devavrat wrote:
Hi can you please explain this problem in detail
Thanks
If the perimeter of the square is 20, then each side of the square has to be equal to 20/4 = 5.
Let us consider a square ABCD of side 5 units with A on the origin. There are two ways to draw such a square.
1) Please B on one of the axes and proceeding counter-clockwise. 4 such squares are possible, where B is on:
- positive x axis A(0,0), B(5,0), C(5,5), D(0,5)
- positive y axis A(0,0), B(0,5), C(-5,5), D(-5,0)
- negative x axis A(0,0), B(-5,0), C(-5,-5), D(0,-5)
- negative y axis A(0,0), B(0,-5), C(5,-5), D(5,0)
2) Place B at a point not on the x or y axis.
Any line segment from the origin on the co-ordinate plane (such as our side AB) can be considered to be the hypotenuse of a right angled triangle with one of the other 2 sides being parallel to (including coinciding with) x axis and other parallel to (including coinciding with) y axis.
Let this triangle be ABX. For B (which is the other vertex) to have integer co-ordinates, the lengths of AX and BX must be integers.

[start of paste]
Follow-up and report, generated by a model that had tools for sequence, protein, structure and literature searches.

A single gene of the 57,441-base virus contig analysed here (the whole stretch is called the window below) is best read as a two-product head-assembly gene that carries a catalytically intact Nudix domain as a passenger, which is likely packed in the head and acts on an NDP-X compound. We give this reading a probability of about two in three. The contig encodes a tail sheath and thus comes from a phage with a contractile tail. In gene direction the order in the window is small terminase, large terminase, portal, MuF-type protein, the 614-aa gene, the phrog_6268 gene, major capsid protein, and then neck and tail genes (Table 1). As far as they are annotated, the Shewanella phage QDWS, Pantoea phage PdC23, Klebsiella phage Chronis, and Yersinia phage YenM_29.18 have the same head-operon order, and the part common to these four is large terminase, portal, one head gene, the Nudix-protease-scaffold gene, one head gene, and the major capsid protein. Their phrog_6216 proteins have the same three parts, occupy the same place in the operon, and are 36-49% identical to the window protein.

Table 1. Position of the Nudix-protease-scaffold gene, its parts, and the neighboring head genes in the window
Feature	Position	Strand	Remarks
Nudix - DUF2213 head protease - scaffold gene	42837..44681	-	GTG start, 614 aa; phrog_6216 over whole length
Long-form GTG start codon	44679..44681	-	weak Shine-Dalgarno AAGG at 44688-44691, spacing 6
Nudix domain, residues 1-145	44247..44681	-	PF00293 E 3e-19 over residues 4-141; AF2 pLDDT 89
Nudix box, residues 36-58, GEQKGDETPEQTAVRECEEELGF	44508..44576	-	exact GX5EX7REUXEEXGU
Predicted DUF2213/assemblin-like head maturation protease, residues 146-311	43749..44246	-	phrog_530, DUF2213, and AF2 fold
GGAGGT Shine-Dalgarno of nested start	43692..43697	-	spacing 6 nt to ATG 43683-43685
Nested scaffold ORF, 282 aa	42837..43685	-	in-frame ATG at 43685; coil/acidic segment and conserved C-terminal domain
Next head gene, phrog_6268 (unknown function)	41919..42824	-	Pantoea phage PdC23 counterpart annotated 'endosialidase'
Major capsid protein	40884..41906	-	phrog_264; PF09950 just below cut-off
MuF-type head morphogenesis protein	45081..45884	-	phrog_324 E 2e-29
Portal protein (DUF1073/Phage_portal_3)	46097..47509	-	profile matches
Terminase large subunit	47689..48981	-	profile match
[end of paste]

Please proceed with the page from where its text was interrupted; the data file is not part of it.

Pythagorus theorem tells us that with a hypotenuse AB of 5 units, the AX and BX must be 3,4 units (either one can be 3, the other 4). We can find 8 such locations for the point X [such that (AX = 3, BX = 4) or (AX = 4, BX = 3)]
- positive x axis [X(3,0), B(3,4)] and [X(4,0), B(4,3)]
- positive y axis [X(0,3), B(-4,3)] and [X(0,4), B(-3,4)]
- negative x axis [X(-3,0), B(-3,-4)] and [X(-4,0), B(-4,-3)]
- negative y axis [X(0,-3), B(4,-3)] and [X(0,-4), B(3,-4)]
Rules of reflection of points on the co-ordinate place imply that for these co-ordinates of A(0,0) and B(as above), C and D must also have integer co-ordinates.
Hope this clarifies.
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